(1) Using Blogger with Blogspot still seems feature-superior to any other web-hosted "username" option like LiveJournal, Tumblr, etc.- with the added advantage that your data already lives in Blogger and you already use Blogger- the simplest cheapest choice might be to redirect http://www.yourURL.com/blog/ to your new migrated Blogspot and make it look like part of your site- and keep your old Blogger-FTP-generated static HTML pages on your site too, they still work, no linkrot.
(2) The best alternative for someone non-technical, who was FTP'ing Blogger to their own URL, and wants to avoid using Google now- and who isn't one of those monk-like quaint nutball fossils who does a bare-bones blog "by hand" (scoff!)- seems to be to have a site webhost (or move to one) that is helpful re: Wordpress or Movable Type.
The life, art, and suicide of legendary comics artist Wally Wood [Comics Comics]
The Penguin is the greatest Batman villain because he's mean and cruel but not insane like so many others in the Bat's rogue's gallery: "He doesn't go to Arkham, he goes to real big-boy jail." [The Hurting]
Also: The Riddler could be the cerebral foe and mystery-creator the "World's Greatest Detective" needs, instead of a joke [The Hurting]
Redux: Which reminds of this previous link: "I want the man who giggles in the centre of the maze." [Mindless Ones love-note to the Riddler]
Redux: Proof that the Penguin is the greatest and cleverest of Batman villains [YouTube]:
But one thing he taught me, which I've applied to my comics reviewing, is to try to judge the work on its merits rather than what we hope it to be. That is, an autobio artcomic isn't inherently better than Superhero Comic #467, but does Superhero Comic #467 accomplish its goals? Escapism isn't something to look down on. We all seek it, whether in our art or sex or food or other substances. It's tough to be alone with our thoughts and the crushing realities of the world. Entertainment is a noble endeavor, and there are no guilty pleasures.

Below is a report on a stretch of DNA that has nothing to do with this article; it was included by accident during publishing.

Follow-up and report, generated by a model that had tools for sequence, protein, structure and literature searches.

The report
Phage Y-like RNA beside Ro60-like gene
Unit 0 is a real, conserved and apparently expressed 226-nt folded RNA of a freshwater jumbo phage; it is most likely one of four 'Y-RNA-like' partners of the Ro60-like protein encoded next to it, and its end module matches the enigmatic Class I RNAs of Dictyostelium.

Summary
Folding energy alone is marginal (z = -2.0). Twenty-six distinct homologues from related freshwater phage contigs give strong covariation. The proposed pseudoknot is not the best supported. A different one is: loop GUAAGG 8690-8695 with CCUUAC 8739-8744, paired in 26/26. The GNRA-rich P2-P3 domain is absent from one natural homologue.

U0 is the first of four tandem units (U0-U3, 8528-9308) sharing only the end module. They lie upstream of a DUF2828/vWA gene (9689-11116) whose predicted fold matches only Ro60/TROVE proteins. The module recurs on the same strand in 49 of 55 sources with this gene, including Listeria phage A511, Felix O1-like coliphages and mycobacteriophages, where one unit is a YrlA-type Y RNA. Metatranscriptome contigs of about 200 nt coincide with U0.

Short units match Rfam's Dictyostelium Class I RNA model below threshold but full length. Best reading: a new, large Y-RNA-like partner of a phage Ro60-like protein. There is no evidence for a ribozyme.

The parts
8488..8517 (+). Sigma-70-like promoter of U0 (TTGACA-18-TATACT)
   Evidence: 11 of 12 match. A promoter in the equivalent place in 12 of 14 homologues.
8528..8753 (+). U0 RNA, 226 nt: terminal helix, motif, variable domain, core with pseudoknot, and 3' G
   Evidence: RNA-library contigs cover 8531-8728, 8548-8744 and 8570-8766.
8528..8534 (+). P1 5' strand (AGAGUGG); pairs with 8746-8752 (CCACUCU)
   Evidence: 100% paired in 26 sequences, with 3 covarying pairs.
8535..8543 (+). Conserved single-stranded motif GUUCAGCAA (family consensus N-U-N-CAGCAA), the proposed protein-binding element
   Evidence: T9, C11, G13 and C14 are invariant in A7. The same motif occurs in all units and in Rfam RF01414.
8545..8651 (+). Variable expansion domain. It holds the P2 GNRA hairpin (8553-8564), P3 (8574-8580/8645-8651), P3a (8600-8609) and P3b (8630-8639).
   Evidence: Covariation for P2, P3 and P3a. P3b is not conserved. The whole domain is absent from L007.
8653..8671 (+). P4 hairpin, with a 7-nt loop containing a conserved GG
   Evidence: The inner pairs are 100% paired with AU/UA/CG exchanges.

Roger Ebert: The Essential Man; battling cancer [Esquire]
January sales: Siege (Marvel) and Blackest Night (DC) rankings show event comics still potent [ICv2]
But five years of declining sales numbers for such books, Siege #1 barely over 100K, hint that Marvel/DC have cried wolf too often re: trying to convince their audience that their big events and expanding franchises matter [Comiks Debris] [via ADDTF]
If you're anything like Neilalien, then your world just doesn't feel completely cozy if Blake Bell's excellent Ditko Looked Up [http://www.ditko.comics.org/ (no point in making it a link)] website and resource is down, as it currently is, due to a confluence of several things at once, comics.org getting out of web hosting while Blake's really busy with other stuff like finishing his Bill Everett book (to be ready for San Diego) (which will have some nice Dr. Strange pieces, btw), working on Volume 2 of the Steve Ditko Archives, getting married (Congrats!), etc. The plan is for Blake's site to return from the apparent dead like a bad Marvel supervillain hopefully by the end of Spring.
It's that fun time of year again, when Neilalien gazes into the Orb of Navelmotto and breaks taboos and runs his annual February-to-February website traffic stats report, to see who has sent the most link-love to his website- and in gratitude tries to send some eyeballs in return. So let's pour out the Valentine's paper bag that's been taped to his school desk and see who Choo-Choo-Chose him.
Top 20 Referrers to Neilalien Over The Past Year (1 February 02009-02010) (give these fine sites a visit!):
A big gratitudinous thanks to everyone who links positively to Neilalien, includes him on their blogroll, and deigns to say that they find some value here- and to this year's top personal website, the awesome Progressive Ruin.
Brian Hibbs annual BookScan comics-in-bookstore sales analysis for 02009 [Tilting At Windmills]
As stated every year, by Hibbs himself, and by the legions of detractors his analysis motivates, the data and resulting analysis is too unreliable to go hog-wild, and really far too unreliable to even go piglet-wild [Update: Comics Reporter]. But some of Hibbs' takeaways: Watchmen is 5% of all comics-in-bookstores dollars (high as usual but a behemoth thanks to the film); manga (Naruto is tops) dominates as usual but down big; as opposed to its DM dominance, Marvel sucking wind in bookstores compared to DC, and Dark Horse almost equals it; creating a line of OGNs 'for the bookstore market' is still not appearing in the BookScan numbers to be a successful strategy.